There is little doubt that using analytics for supply chain decision-making helps businesses improve operational, strategic, and tactical efficiency. And supply chain professionals receive massive volumes of internal and external data streams.
However, for someone working 60 hours a week and making sure paper goods are on grocery store shelves while putting out numerous “fires” along the way, the last thing they need is another task or process that is overly complicated.
This blog will look at ways to approach analysis that drive meaningful results. Here are a few fundamentals.
- Understand the type of analysis you have
- Unify data in a central location
- Determine if you are measuring the most impactful metrics
There are three common types of analysis: descriptive, predictive, and prescriptive.
Descriptive analytics is a snapshot/dashboard view
Descriptive analysis provides a snapshot of the status of the item you are measuring, whether it is the on-time arrival of carriers for appointments or the rates you are paying for freight in specific lanes.
Predictive analytics can indicate likely outcomes of actions or inaction
Understanding what descriptive analytics are telling you can lead to predictive analytics. For example, if your transportation management system (TMS) shows a shipment is delayed and unlikely to reach its destination on time, you can take action to avoid the service issue before it occurs.
Also, in freight sourcing, you can use solutions to do “scenario” planning. With AI aggregating the data, you can quickly learn the likely outcome of different freight sourcing strategies – what is the impact of using only contract carriers? Can you maintain service levels with only your top-tier carriers?
Prescriptive analytics help you make data-driven decisions
Once you understand your position and the potential risk/reward of different actions, you can move into prescriptive analytics. For example, if your rate for specific lanes is above the market, but other data indicates carrier rate increases are likely, should you rebid for a lower rate or lock in the one you have now to safeguard against potential rate increases?
To make the most of your data, ensure that your data sources are integrated and that the “single source of truth” data is in a unified location. Suppose you operate a company with five different distribution centers, and each only has visibility to its data. In that case, the distribution centers are operating at a disadvantage, and it may be difficult to make strategic changes that truly impact your entire business.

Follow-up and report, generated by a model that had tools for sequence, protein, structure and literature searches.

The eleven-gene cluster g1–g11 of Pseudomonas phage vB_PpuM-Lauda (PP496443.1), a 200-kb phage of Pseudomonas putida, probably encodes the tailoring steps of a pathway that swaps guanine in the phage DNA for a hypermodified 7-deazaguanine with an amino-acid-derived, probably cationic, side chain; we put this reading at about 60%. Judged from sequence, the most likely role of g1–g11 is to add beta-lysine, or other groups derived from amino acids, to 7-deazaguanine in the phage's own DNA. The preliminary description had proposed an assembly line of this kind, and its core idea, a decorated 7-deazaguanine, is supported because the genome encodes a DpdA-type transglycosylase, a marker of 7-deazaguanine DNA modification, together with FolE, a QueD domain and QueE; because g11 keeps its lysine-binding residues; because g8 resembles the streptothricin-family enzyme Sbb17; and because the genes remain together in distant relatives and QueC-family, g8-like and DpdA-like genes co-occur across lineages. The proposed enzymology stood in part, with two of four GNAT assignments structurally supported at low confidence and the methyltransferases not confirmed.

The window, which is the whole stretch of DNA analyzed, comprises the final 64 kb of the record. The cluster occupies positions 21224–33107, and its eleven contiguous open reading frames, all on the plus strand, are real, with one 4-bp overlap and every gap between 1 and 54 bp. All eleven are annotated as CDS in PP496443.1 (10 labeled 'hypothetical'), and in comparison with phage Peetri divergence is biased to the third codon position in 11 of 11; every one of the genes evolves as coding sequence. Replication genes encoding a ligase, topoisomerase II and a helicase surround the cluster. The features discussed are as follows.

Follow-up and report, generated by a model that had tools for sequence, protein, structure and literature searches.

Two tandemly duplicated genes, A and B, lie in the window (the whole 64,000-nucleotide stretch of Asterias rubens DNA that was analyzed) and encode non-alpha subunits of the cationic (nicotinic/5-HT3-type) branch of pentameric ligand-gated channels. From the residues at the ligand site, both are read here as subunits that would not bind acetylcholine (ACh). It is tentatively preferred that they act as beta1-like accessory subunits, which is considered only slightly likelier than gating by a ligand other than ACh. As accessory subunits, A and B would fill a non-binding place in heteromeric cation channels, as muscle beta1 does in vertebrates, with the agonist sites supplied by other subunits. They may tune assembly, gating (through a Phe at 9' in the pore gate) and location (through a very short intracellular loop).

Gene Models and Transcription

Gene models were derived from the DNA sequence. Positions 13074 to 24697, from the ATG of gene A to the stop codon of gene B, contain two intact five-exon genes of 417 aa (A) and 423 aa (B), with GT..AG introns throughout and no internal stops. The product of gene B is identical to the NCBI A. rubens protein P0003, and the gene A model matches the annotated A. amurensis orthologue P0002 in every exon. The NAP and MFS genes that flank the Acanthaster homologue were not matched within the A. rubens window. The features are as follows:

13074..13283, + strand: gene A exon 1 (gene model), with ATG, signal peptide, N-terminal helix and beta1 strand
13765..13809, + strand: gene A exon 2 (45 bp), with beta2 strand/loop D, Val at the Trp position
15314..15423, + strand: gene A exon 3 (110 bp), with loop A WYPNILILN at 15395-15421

Do you measure what matters?
Perhaps one of the most challenging aspects of using analytics in supply chain management is the sheer volume of data you can access at any time. That is why it is critical to determine the 3 to 5 metrics that will significantly impact your supply chain. Trying to manage 20 different KPIs may be interesting, but it will not help you improve your operation.
Only you can determine if you measure what matters to your business. Still, alignment across functions, departments, and divisions around a few core indicators will make your supply chain more consistent in its performance and more agile if changes are needed.
Analytics can profoundly impact supply chains if practitioners understand what the data is telling them and how to use it to improve, prevent problems, or implement strategies that will yield positive results.
Focus is critical to maximizing your effective use of analytics
Technology can help in your quest for analytics to meet your business objectives, whatever they are. However, with so much data, it is easy for analysis to become overly complex – as a result, you have some interesting information but not a compass to navigate stormy waters. Focus on what you want to achieve and use analytics as a tool to chart the path forward.
Debra N. Phillips is Manager of Marketing for Emerge. She began her career in transportation in 1989 as Manager of Public Relations for Carolina Freight Carriers. Throughout her career, she has held leadership positions in companies including FedEx Freight, Penske, and MercuryGate. She has a solid track record of competitively positioning products, services, and technologies to enhance reputation and brand, and accelerate revenue growth.